10. In places where you can do so without devaluing the test, introduce variation in your tests. Static automation that always does the exact same thing in the exact same way with the exact same data commonly tends to find defects when you create it and then never again (or rarely again). Sometimes this might be ok – if your sales people have a canned demo script they always use, and you create automation based on that to ensure that your sales people don’t get embarrassed in front of customers, you probably want the test to exactly follow the script. If, however, you’re looking to actually test functionality, adding variance means that your tests have a greater chance of finding bugs when they try something new. Possible ways for adding variance include using random data, path variance, and randomly ordering your test execution. By randomizing test data, you are looking for things like incorrect assumptions – for example, in our app, it shouldn’t matter if a patient being admitted to the hospital is male or female, whether they’re 18 or 80 years old, or whether they know (and provide) their birthdate. We may decide that these things don’t need separate test cases, or we may not even think of them. If our expectation is wrong, however, we’d like to know that. It’s possible that someone coded in a dependency that is a bug or wasn’t communicated to the team or whatever. By varying our test data so that we hit some of that variance naturally over the course of several test runs, we get a wider degree of coverage and might stumble across something like that. Of course, we might miss it too – if the bug only occurs for an 80-year old woman who doesn’t give a birthdate, we might never pick that combination. If our test is hardcoded to use a 36-year old male with a birthdate given though, we’ll definitely never find it with our test. Adding variance to the paths you take uses a similar idea. Say, for example, you needed to copy some text to the clipboard as a step in a test. There are lots of ways to copy text once it’s selected –you can press Ctrl-C, you can select “Copy” off the Edit menu, you can right click on the selection and choose “Copy”, or maybe there’s a toolbar with a copy button in your application. If you’re not specifically testing the copy functionality, you probably don’t generally care which method is used, as long as the text gets to the clipboard. It’s common for automators to pick one way to accomplish something, and use that – maybe it’s the method the automator uses themselves, maybe it’s the easiest to automate, maybe it’s the one specified in the first test case that needs that functionality. Whatever the reason, the tests are now more constrained. If you instead provide a way to vary this behavior each time you need it (either randomly or with some intelligence involved to choose the least used path each time or something), you have the possibility of catching bugs where one path to achieve the task doesn’t work the same as the other paths. Finally, varying the order of your tests gives you the possibility of finding interaction bugs between tests. Providing this variance requires that each test be independent, and this kind of variance isn’t one I’ve looked at a lot yet, but if you can provide it, your tests may have more defect-finding power. For each of these variance techniques, though, there may be test cases where you specifically don’t want to vary things – it’s essential to your tests that a task is accomplished a certain way, or that the data used meets certain criteria, or whatever – this is another area where analyzing and understanding your tests is important. You don’t want to either over-specify your tests and constrain them in ways that aren’t necessary, but you don’t want to under-specify them either and miss what you’re trying to test.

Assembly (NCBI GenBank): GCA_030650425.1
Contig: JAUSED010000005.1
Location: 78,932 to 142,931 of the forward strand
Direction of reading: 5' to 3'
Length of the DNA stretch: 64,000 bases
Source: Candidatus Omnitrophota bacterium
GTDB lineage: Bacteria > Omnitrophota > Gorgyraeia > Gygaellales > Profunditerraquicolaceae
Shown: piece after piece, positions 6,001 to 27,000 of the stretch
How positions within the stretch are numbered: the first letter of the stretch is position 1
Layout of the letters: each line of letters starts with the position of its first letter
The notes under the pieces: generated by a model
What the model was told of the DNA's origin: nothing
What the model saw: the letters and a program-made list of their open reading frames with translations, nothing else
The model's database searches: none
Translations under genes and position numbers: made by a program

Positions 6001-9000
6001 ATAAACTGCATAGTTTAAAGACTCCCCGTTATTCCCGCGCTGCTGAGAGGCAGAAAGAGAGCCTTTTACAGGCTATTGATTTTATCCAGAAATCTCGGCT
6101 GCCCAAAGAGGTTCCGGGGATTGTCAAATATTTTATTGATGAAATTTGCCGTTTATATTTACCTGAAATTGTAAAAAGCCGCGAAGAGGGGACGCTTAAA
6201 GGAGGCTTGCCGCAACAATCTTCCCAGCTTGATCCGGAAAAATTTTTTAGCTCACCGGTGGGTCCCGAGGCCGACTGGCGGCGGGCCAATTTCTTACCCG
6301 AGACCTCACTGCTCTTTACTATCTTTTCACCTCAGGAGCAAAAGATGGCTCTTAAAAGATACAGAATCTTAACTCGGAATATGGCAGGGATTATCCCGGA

11. Design in a way to repeat your tests even with the variance. Even though adding variance to your tests increases their power, there will likely still be times when you do want to exactly repeat the tests (for verifying bugs, for example). Build in this repeatability from the beginning – in my case, my two models talk by the conceptual model sending Command objects to the implementation model. These Command objects contain the action to perform, the data needed to do that action, and the path taken to perform that application (which sub-models, pages, and functions were performed). These commands then get serialized out where a runner can later deserialize them and rerun the tests with all the same data and actions.
  12. In a similar vein, run your tests from the beginning on all the platforms you know you want to test against. Cover the browsers and operating systems that you can predict you want to run against right from the start, so that as you’re developing, you’re trying the code on all of them and not going to run into major surprises later when you absolutely need to run the test in a platform you haven’t tried before and you find some XPath or behavior differences.